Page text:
Commentary

Live differently

Called to be different from the world around us, we are given practical instructions on how to do this. Paul writes, ‘Let us not be like others’ (v.6). Dare to be different. Paul uses four metaphors to describe the difference:

1. Light not darkness

The world around is living in darkness (v.4). Don’t run away from the darkness, rather, shine in it. ‘You are all children of the light’ (v.5a). Darkness implies ignorance and sin. You were in darkness. Jesus shines his light into your life. You are a child of the light. To be a child of something is to be characterised by that thing. When Christians are spoken of as ‘children of the light’, it means that ‘light’ is your distinguishing characteristic.

2. Day not night

Paul writes, ‘You are... children of the day. You do not belong to the night’ (v.5). As well as the previous point about light and darkness, this also refers back to ‘the day of the Lord’ (v.2). We are children of the day of the Lord, with all that this means in terms of anticipation and participation in the triumph of that great day when Jesus returns.

3. Awake not asleep

Paul writes, ‘Let us not be like others, who are asleep… For those who sleep, sleep at night’ (vv.6–7). He goes on, ‘Whether we are awake or asleep, we may live together with him’ (v.10). Jesus is with you now. Jesus himself used this same language of keeping watch and being awake (Matthew 24:42; 25:13). Don’t go to sleep spiritually. Be prepared for the Lord’s coming – awake and watchful.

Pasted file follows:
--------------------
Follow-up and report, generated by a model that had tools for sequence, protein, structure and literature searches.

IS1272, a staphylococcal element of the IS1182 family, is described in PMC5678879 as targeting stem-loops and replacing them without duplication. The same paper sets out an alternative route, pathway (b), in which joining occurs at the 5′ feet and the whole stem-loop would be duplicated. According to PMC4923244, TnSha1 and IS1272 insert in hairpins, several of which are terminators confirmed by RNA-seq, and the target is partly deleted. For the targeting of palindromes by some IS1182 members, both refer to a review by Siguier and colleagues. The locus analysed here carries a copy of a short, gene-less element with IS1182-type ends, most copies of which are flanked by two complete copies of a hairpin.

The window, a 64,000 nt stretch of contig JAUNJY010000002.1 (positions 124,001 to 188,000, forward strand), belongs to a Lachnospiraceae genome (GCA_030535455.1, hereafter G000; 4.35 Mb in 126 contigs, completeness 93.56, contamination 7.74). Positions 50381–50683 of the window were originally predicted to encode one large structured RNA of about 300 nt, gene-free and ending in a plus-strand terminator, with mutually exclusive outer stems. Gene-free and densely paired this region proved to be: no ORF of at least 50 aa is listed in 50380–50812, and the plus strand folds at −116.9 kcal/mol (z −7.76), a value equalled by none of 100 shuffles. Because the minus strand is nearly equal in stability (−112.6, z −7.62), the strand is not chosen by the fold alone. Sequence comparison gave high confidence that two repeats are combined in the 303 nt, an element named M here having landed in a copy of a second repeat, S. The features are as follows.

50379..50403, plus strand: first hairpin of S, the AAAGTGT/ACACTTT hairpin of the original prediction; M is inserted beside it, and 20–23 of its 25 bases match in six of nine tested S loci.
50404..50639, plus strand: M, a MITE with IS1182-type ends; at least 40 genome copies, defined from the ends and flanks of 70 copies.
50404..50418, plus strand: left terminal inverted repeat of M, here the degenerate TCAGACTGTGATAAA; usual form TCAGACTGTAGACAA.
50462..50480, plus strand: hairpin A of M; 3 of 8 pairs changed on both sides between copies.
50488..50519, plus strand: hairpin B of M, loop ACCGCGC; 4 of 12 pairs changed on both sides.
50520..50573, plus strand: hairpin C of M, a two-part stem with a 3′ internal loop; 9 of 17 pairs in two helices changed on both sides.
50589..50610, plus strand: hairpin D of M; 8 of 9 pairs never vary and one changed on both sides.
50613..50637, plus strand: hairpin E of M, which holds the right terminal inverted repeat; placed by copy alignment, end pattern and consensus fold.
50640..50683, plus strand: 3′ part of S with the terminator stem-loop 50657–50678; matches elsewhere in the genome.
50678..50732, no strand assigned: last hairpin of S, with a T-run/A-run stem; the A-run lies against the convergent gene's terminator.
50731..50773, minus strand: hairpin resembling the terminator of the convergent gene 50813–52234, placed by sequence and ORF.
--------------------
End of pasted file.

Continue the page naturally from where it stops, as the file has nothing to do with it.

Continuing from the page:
4. Sober not drunk

Paul writes, ‘Let us be self-controlled’ (1 Thessalonians 5:8). This word literally means ‘not intoxicated by wine’. Like the other metaphors it speaks of both a physical state and a spiritual reality. Drunkenness arises from a lack of self-control and an indulgence of the senses in order to escape reality. Seek to be self-controlled in every area of your life. Put on the clothing of faith, love and hope (v.8).

Your lifestyle is to be totally different from those around you. You are to honour your leaders: ‘We ask you to honor those leaders who work so hard for you, who have been given the responsibility of urging and guiding you along in your obedience. Overwhelm them with appreciation and love!’ (vv.12–13a, MSG).